Five O'Clock Somewhere

Welcome to Five O'Clock Somewhere, where it doesn't matter what time zone you're in; it's five o'clock somewhere. We'll look at rural life, especially as it happens in Rio Arriba County, New Mexico, cats, sailing (particularly Etchells racing yachts), and bits of grammar and Victorian poetry.

Thursday, January 04, 2007

Happy Holidays 2006-07!

Here’s hoping everyone had a great holiday season, and wishing all a happy 2007.

Apologies for this letter being a bit late – the end of the year kind of crept up on us this time, with boat things and other activities keeping us busy, plus, to top everything off, a record snowstorm that has paralyzed Albuquerque for days.

The biggest news has been boat-related. Carol Anne started the year training as a skipper for the women’s Adams Cup national championship. The race, and therefore most of the training, took place on J/24s, which are fast boats but still have such amenities as an enclosed cabin, bunks, and a toilet. Then one day, she got to try an Etchells, which is a fast boat that doesn’t bother to waste weight or space on bunks and potties. It’s stunningly beautiful, modeled on the America’s Cup 12-meter boats but scaled down in size, and it goes very fast. And there’s just a feel about the boat, its stability and the cleanness of the decks (almost nothing to trip over, since nearly all of the lines are run below deck). Carol Anne was hooked.

So for Valentine’s Day, Pat bought Carol Anne a boat. It needed to be retrieved from Ventura, California, and it was an older boat with a few problems, but it was very cheap. Since the boat was painted solid black, and the Etchells at Elephant Butte are traditionally named after America’s Cup yachts, and this one was coming in from far away to challenge the guy whose (American-named) boat always beats everyone else, there was no choice but to name the boat Black Magic, after the successful challenger from New Zealand.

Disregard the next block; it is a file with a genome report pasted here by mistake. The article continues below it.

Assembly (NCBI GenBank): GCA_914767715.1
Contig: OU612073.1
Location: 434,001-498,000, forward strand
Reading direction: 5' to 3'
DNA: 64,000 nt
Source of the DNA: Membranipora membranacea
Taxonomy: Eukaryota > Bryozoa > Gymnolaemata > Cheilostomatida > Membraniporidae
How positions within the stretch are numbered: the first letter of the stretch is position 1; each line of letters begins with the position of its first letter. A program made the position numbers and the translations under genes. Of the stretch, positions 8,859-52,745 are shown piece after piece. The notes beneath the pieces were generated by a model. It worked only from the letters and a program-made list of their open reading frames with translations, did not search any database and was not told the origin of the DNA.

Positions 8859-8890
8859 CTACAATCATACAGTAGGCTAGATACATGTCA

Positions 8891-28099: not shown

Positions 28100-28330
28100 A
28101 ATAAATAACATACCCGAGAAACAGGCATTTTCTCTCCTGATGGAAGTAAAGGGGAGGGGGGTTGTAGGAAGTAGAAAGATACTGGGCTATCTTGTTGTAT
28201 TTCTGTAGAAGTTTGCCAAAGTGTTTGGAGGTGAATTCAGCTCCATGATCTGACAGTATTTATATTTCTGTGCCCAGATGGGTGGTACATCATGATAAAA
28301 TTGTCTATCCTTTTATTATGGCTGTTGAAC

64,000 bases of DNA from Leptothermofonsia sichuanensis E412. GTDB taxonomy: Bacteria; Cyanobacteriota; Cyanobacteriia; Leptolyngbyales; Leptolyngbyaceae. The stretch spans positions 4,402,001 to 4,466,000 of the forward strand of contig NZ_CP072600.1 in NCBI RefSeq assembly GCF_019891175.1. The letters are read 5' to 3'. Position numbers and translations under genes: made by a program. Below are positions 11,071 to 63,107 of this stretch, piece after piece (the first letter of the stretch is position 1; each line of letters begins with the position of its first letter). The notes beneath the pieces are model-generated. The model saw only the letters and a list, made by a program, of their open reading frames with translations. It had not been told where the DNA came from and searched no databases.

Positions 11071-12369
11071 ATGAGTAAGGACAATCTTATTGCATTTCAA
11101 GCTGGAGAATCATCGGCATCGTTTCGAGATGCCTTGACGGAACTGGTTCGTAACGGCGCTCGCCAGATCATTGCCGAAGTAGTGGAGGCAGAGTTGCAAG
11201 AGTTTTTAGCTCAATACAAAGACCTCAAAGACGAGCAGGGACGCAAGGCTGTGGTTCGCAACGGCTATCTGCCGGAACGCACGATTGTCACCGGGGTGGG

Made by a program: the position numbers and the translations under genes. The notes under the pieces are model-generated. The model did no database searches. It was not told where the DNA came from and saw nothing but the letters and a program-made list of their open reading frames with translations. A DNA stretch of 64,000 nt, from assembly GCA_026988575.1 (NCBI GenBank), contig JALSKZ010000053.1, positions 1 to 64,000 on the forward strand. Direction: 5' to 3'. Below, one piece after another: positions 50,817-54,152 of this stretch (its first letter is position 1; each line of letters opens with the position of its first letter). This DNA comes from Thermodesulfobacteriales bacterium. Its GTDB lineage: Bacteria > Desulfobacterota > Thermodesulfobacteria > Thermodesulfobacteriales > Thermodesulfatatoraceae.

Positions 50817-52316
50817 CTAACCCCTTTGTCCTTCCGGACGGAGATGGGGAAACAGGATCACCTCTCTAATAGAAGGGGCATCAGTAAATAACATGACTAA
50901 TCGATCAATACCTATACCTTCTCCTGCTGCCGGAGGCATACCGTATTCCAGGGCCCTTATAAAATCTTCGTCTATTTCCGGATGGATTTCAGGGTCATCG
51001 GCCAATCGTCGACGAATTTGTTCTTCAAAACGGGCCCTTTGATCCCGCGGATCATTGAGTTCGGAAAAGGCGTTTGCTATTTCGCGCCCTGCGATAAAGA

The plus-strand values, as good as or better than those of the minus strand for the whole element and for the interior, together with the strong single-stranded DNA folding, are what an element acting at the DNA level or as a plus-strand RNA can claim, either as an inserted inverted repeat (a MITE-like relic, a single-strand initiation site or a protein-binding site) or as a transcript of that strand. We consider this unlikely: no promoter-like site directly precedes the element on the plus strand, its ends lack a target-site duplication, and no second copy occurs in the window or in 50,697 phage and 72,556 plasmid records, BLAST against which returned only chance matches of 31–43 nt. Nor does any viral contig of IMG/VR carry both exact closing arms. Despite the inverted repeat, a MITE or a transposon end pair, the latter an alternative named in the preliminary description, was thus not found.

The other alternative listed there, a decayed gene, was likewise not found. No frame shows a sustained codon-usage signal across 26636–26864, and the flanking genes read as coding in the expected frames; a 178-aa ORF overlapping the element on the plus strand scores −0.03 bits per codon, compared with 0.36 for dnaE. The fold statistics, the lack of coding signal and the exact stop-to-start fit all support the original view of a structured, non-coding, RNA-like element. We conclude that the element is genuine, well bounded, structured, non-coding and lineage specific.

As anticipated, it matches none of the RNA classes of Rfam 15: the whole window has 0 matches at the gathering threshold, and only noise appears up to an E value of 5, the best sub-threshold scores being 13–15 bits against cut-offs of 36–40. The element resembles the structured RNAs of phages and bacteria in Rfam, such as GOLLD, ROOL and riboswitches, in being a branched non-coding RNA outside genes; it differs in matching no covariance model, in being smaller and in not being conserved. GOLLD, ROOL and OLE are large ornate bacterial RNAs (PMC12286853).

Carol Anne continued to train for the Adams Cup on the J/24s, but that program was less than successful. In one incident, she was sent to the emergency room after a nasty blow to the head from the boom. Because of politics and misunderstandings, she was left without a crew and had to scramble at the last minute to put a crew together. She ended up third out of three boats in the quarter-finals.

Since then, we’ve been doing a lot of things with Black Magic. We’ve participated in racing at Elephant Butte and attempted to get some racing in at Heron, although the club up there is still recovering from two years when the marina was closed due to lack of water, so turnout was almost non-existent. We also took the boat up to the Dillon Open Regatta in Colorado, a crazy but immensely fun experience involving more than 100 boats going all sorts of directions in a mountain lake at over 9,000 feet of altitude.

In addition to sailing, we also got to do a lot of work on the boat. Racing boats need more TLC than ordinary boats, and older boats (Black Magic is more than 30 years old) generally need more repairs, and some of Black Magic’s previous owners have been, well, less than diligent about maintenance. We also had to custom-build a trailer suitable for launching and retrieving the boat on a ramp – most Etchells sail in places where there’s a hoist to get them into and out of the water.

Meanwhile, in non-boating news: Pat is still working as a technical writer-editor for a contractor at Sandia National Laboratories, and Carol Anne is still teaching English at the local community college, which has changed its name from TVI to Central New Mexico Community College. She still teaches primarily evening classes, where the students are motivated. Pat somehow got shanghaied into a second term as Commodore of the New Mexico Sailing Club that sails on Heron and into being Vice Commodore of the Rio Grande Sailing Club that sails at Elephant Butte. Carol Anne got roped into being secretary of the RGSC and of International Etchells Fleet 31 (in formation).